There is an adage that goes, “No new ideas, only new things.” Audre Lorde had her own version, which I like better: “There are no new ideas. There are only new ways of making them felt.” These words came to my mind a few weekends ago, as I was walking through the Met with my wife, Sabina. Without any real direction in mind, we had made our way south from the main entrance, toward the great old Greek and Roman Art. Just as we stopped at the end of the hall, planning to turn around, our eyes simultaneously fell on one piece of artwork. There was a beat, and then we looked at each other. We both had the same thought. “Picasso,” we said together.
Of course it was not an actual Picasso in the Greek and Roman wing. Before us was a horizontal sculpture of a man and a woman reclining (a klinē, Google tells me, is the ancient Greek version of the French’s chaise lounge, typically occupied during the after-dinner symposia). The sculpted figures gazed at each other, the woman’s head upturned to the man’s blunted nose and thick tangle of beard, and the man’s face beaming down at, well, nothing. The woman’s face was not carved out. Curatorial signage told us that the woman’s featurelessness was not a by-product of the sculpture’s years, but more likely because the man – which signage fairly presumed to be her husband – had predeceased her, and no one had bothered (or been around to) fill her face in after her death.
Marital injustices aside, I was struck by another aspect of the sculpture. The man cradled a long reed in one elbow and in her right hand, the woman clutched a sheaf of wheat and a garland. The presence of symbols of the elements, likening these two to semi-divine personifications (that is, gods), were not uncommon in the post-mortem figurations of the ancient elite that would have marked their places of burial. But what they recalled for me (a much more practiced appreciator of the art that came centuries later) was a subset of the Suite Vollard, which is the series of narrative — more accurately, autobiographical — prints Picasso created throughout the better part of the 1930s.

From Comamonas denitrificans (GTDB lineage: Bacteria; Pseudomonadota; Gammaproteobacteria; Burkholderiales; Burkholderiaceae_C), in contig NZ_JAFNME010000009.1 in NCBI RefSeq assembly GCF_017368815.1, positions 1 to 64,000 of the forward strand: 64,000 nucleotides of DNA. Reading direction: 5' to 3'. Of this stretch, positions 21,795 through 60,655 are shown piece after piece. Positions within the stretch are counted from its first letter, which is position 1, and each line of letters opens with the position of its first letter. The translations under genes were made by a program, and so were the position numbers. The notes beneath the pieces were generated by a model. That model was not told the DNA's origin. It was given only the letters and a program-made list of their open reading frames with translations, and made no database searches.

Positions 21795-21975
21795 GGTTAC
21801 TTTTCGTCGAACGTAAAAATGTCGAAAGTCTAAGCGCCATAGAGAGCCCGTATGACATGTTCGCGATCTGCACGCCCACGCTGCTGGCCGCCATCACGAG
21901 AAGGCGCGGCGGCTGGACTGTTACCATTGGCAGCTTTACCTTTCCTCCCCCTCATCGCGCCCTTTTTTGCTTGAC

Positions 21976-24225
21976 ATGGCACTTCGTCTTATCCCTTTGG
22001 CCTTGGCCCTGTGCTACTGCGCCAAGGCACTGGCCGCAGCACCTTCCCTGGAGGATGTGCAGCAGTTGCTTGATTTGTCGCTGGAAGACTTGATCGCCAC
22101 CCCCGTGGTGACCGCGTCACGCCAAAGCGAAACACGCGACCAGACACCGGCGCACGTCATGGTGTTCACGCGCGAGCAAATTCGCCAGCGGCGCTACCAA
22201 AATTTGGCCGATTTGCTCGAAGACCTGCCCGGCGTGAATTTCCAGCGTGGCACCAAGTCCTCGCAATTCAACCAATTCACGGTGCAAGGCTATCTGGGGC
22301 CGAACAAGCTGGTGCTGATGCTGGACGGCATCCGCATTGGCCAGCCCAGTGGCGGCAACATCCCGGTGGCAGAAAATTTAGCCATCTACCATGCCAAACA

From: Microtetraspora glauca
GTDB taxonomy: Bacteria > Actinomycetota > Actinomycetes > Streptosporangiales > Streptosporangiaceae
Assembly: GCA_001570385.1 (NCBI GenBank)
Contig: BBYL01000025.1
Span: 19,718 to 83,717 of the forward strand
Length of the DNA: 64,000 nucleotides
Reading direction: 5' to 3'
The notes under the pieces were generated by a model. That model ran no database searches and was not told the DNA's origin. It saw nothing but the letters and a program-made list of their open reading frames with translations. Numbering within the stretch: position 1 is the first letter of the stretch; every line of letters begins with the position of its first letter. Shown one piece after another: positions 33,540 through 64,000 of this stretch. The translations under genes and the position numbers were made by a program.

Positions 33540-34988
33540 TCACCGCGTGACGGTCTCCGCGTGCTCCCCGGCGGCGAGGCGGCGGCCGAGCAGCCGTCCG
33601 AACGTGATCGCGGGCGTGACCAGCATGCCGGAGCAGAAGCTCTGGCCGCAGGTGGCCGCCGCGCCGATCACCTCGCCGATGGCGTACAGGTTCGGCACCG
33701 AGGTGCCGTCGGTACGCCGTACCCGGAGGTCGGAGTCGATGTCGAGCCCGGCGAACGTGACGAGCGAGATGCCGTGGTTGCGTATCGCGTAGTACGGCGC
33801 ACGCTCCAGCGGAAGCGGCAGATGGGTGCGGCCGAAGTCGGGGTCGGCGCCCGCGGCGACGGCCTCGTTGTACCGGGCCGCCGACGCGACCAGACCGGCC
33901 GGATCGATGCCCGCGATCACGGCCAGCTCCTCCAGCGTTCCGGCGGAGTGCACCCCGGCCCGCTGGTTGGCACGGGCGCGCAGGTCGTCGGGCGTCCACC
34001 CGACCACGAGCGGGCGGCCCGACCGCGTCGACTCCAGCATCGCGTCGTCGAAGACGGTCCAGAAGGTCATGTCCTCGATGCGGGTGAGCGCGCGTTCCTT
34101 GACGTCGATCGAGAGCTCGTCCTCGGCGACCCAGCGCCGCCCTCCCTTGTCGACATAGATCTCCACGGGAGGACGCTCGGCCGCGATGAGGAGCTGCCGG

Le Repos du Minotaure : Champagne et Amante (S.V. 83) (Bloch 190), 1933, etching, 15 1/4 x 19 3/4 inches
The subset I’m referring to is typically called the “Painter’s Studio,” as it plays out the story of a bearded, ancient-Greek-esque artist (read: Picasso), making pictures and love to his model. In the 1933 etching Vieux sculpteur et jeune modèle avec le portrait sculpté du modèle (B172), the resemblance between the Met sculpture and Picasso’s print is uncanny. The mythological man holds a woman (face intact) on a familiar reclining chair. The pair are overlooked by the face of another woman, mounted on a pedestal — yes, she is a sculpture. Instead of missing a face, she is nothing but a face. The connection continues in Le repos du minotaure: champagne et amante (B190), in which our leading man the ancient artist has morphed into the Minotaur, that creature of Greek mythology which haunts the Suite Vollard as though placed into a new labyrinth with updated, modern interiors. Poised in the Minotaur’s hand is a chalice, which, like the water reed in the sculpture, is a traditional symbol of the water element; and placed atop the woman’s head is a crown of laurel, an earthy symbol remnant of the sculpture’s garland and wheat.
Am I attempting to claim that Picasso saw this very sculpture and raced back to his studio, alight with inspiration? Certainly not. But Picasso’s fruitful ventures to art museums are well-told. We know, for example, how many ideas stemmed from his strolls through the halls of Iberian art at the Louvre. His visits to these exhibitions and fascination with their displays of ancient masks have been (perhaps a bit too neatly) tied by biographers like John Richardson with his creation of Les Demoiselles d'Avignon (1907), which features ladies with the same elongated faces and hollowed eyes.
More important than playing guess-who on the history of these works is the magic of stumbling into a connection that you were not expecting to make. Had Sabina and I not known those Picasso images so well, we probably would have kept walking down the hall. Instead, we were gripped by the devotion eternalized between the sculpted figures, who had decided to stay together even after life; the similarities between the ancient and modern artworks served to illuminate the love between Picasso and Marie-Therese, his Suite Vollard muse, in a new way; and we were reminded of ourselves, too, together for thirty-six years. In moments like that Met experience, I am thoughtful of art’s power: it can trouble the fraught lines drawn into our imaginations by history; it proves that those very imaginations are connected, growing from one another, unbound.
Until next week, when we can joyfully look at some more.